'THE GAME PLAN' EXCEEDS AS 'KINGDOM' FALLS
The Game Plan pulled off a surprise at the domestic boxoffice during the weekend as the PG-rated family film exceeded expectations and scored an estimated $22.7 million in its debut. It finished about $5 million ahead the second-place film, Universal's R-rated "The Kingdom," which bowed to about $17.7 million.
Heading into the weekend, prerelease tracking indicated that the two films were neck and neck, with most industry observers giving a slight edge to "Kingdom." But families and kids are the wild card in tracking because interest from that demographic is more difficult to gauge than teens and adults.
Another factor playing into the strong finish for "Game Plan" was the relative dearth of family-oriented pictures in the marketplace of late. The majority of wide-release films opening the past four to eight weeks have been rated R, with a smattering of PG-13 films thrown in.
"It always feels terrific when you over-deliver on industry expectations," said Chuck Viane, president of Walt Disney Pictures Distribution, which now has had four films debut in first place this year.
Dwayne "The Rock" Johnson stars in "Game Plan," which opened in 3,103 locations and averaged $7,307 per theater. Andy Fickman helmed the gridiron-set family comedy, which centers on a carefree NFL quarterback (Johnson) who discovers he has an 8-year-old daughter (Madison Pettis) from a previous relationship.
The opening was the second best for Johnson in a starring role, after Universal's "The Scorpion King," which grossed $36.1 million in its April 2002 debut.
Jamie Foxx and Jennifer Garner toplined "Kingdom," which opened in 2,793 venues. Peter Berg directed the action thriller, about a team of U.S. counterterrorism investigators who work with local authorities in Saudi Arabia to track down the perpetrators of an attack on Americans there.
"Considering how many R-rated films are in the market, we are very pleased with the opening," Universal distribution president Nikki Rocco said.
Although "Game Plan" exceeded expectations and "Kingdom" bowed in the area expected, the total for the weekend's top 12 films was $76.7 million, down 11% from a year ago, when Sony's "Open Season" shot into the top spot with $23.6 million.
AD SPENDING TO GROW IN 2008
Mature markets will see advertising spending grow 4.8% in 2008, the lowest quadrennial expansion since 1992, with possible further downside, investment bank UBS said Friday.
The firm said it sees its proprietary Advertising Key Global Indicator, which forecasts global advertising, at $454 billion for 2008. That would mean year-over-year gains of 6.7% driven by emerging markets and the Internet.
UBS forecasts advertising in those categories to expand 24% and 15%, respectively, accounting for 30% and 42%, respectively, of next year's global ad dollar growth.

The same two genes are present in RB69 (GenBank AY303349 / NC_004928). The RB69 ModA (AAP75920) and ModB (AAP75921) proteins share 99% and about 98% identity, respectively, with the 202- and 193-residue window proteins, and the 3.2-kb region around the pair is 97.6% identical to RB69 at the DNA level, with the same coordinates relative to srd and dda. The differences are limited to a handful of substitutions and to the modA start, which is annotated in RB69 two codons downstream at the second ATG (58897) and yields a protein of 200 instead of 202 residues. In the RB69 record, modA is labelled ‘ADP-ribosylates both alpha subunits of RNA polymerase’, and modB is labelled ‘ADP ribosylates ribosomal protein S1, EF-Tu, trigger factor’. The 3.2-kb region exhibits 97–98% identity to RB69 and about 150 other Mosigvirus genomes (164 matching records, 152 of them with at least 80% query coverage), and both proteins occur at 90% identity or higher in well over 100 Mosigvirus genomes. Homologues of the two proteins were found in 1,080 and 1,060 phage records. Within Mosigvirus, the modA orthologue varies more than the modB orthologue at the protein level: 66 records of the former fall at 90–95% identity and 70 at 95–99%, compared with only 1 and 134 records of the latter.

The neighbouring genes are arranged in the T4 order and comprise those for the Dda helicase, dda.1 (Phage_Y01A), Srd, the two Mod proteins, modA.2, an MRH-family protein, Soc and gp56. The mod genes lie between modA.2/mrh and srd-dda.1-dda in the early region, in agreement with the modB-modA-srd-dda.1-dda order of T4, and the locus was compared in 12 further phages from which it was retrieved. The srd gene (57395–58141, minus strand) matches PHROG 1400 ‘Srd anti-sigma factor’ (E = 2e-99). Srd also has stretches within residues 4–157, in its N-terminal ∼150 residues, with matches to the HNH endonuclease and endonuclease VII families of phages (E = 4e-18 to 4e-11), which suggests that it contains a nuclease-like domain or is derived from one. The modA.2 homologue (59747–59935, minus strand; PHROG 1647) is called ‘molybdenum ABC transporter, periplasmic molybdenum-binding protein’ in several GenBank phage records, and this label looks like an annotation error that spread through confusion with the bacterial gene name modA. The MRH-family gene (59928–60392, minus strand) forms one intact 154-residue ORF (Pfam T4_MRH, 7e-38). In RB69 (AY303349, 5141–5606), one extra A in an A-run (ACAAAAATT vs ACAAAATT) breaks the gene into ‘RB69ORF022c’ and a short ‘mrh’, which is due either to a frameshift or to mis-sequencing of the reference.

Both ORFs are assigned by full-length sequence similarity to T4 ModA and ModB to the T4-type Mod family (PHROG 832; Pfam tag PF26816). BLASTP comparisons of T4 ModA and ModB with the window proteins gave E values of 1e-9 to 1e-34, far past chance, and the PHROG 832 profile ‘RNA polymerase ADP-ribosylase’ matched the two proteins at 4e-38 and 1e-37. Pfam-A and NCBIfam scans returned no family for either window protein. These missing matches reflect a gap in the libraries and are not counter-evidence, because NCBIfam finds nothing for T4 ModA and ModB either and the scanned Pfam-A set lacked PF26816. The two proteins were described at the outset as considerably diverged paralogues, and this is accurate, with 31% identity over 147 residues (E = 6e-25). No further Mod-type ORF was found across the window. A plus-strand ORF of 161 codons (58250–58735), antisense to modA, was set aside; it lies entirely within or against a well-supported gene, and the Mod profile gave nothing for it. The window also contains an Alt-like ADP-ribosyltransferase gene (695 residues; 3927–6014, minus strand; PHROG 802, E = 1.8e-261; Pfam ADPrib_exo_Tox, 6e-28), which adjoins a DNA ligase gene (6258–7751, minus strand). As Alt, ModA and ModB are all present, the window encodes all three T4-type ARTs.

The investment bank continues to expect ad spending to underperform GDP in mature markets in the long run. Among UBS' top media and entertainment stock picks is News Corp., while it sees risk for U.K. broadcaster ITV, among others.
MORGAN PREPARES 'QUEEN' SEQUEL
Oscar-nominated screenwriter Peter Morgan has started work on a sequel to "The Queen," which will dig into former U.K. prime minister Tony Blair's relationships with U.S. presidents Bill Clinton and George W. Bush.
The movie will focus on Blair's reaction to the handover of power between Clinton, a natural liberal ally, and Bush, who came from the other end of the political spectrum.
"Peter sees this as a pivotal moment when the special relationship between Britain and America changed," says producer Andy Harries.
This project will be the third film in Morgan's "Blair trilogy," which began with the Channel 4 telepic "The Deal" and continued with "The Queen." Michael Sheen is expected to reprise his role as Blair.
"Peter always hoped to do a trilogy to mark the Blair years that we've all lived through, but it's been difficult to find the right point at which to look at Blair in power," Harries says.
Morgan initially considered tackling the more obvious drama surrounding the run-up to the Iraq war, when Blair fatally compromised his own premiership by his whole-hearted support for Bush's invasion plans. But in the end Morgan decided that the roots of those events lay in Blair's difficult adjustment to the transition from Clinton to Bush a few years earlier.
He's researching the project with a plan to start writing by the end of this year. Harries will produce with Christine Langan, the team behind "The Deal" and "The Queen." No financing is currently attached, although with Langan now working at BBC Films, that would be an obvious home for the project.
Harries already has another Morgan screenplay, "The Damned United," in development with Langan at BBC Films. It's adapted from David Peace's novel about the legendary English soccer coach Brian Clough, with Sheen set to play Clough.
The project was originally due to be directed by Stephen Frears, who also helmed "The Queen," but he stepped aside over the summer to be replaced by Tom Hooper. Pic is currently casting to shoot next April.
Morgan recently finished a re-write of "State of Play," and a draft of John LeCarre's "Tinker, Tailor, Soldier, Spy," both for Working Title. Working Title and Imagine Entertainment are also co-producing "Frost/Nixon," Ron Howard's movie version of Morgan's stage hit.Return from Entertainment News October 2 to Entertainment News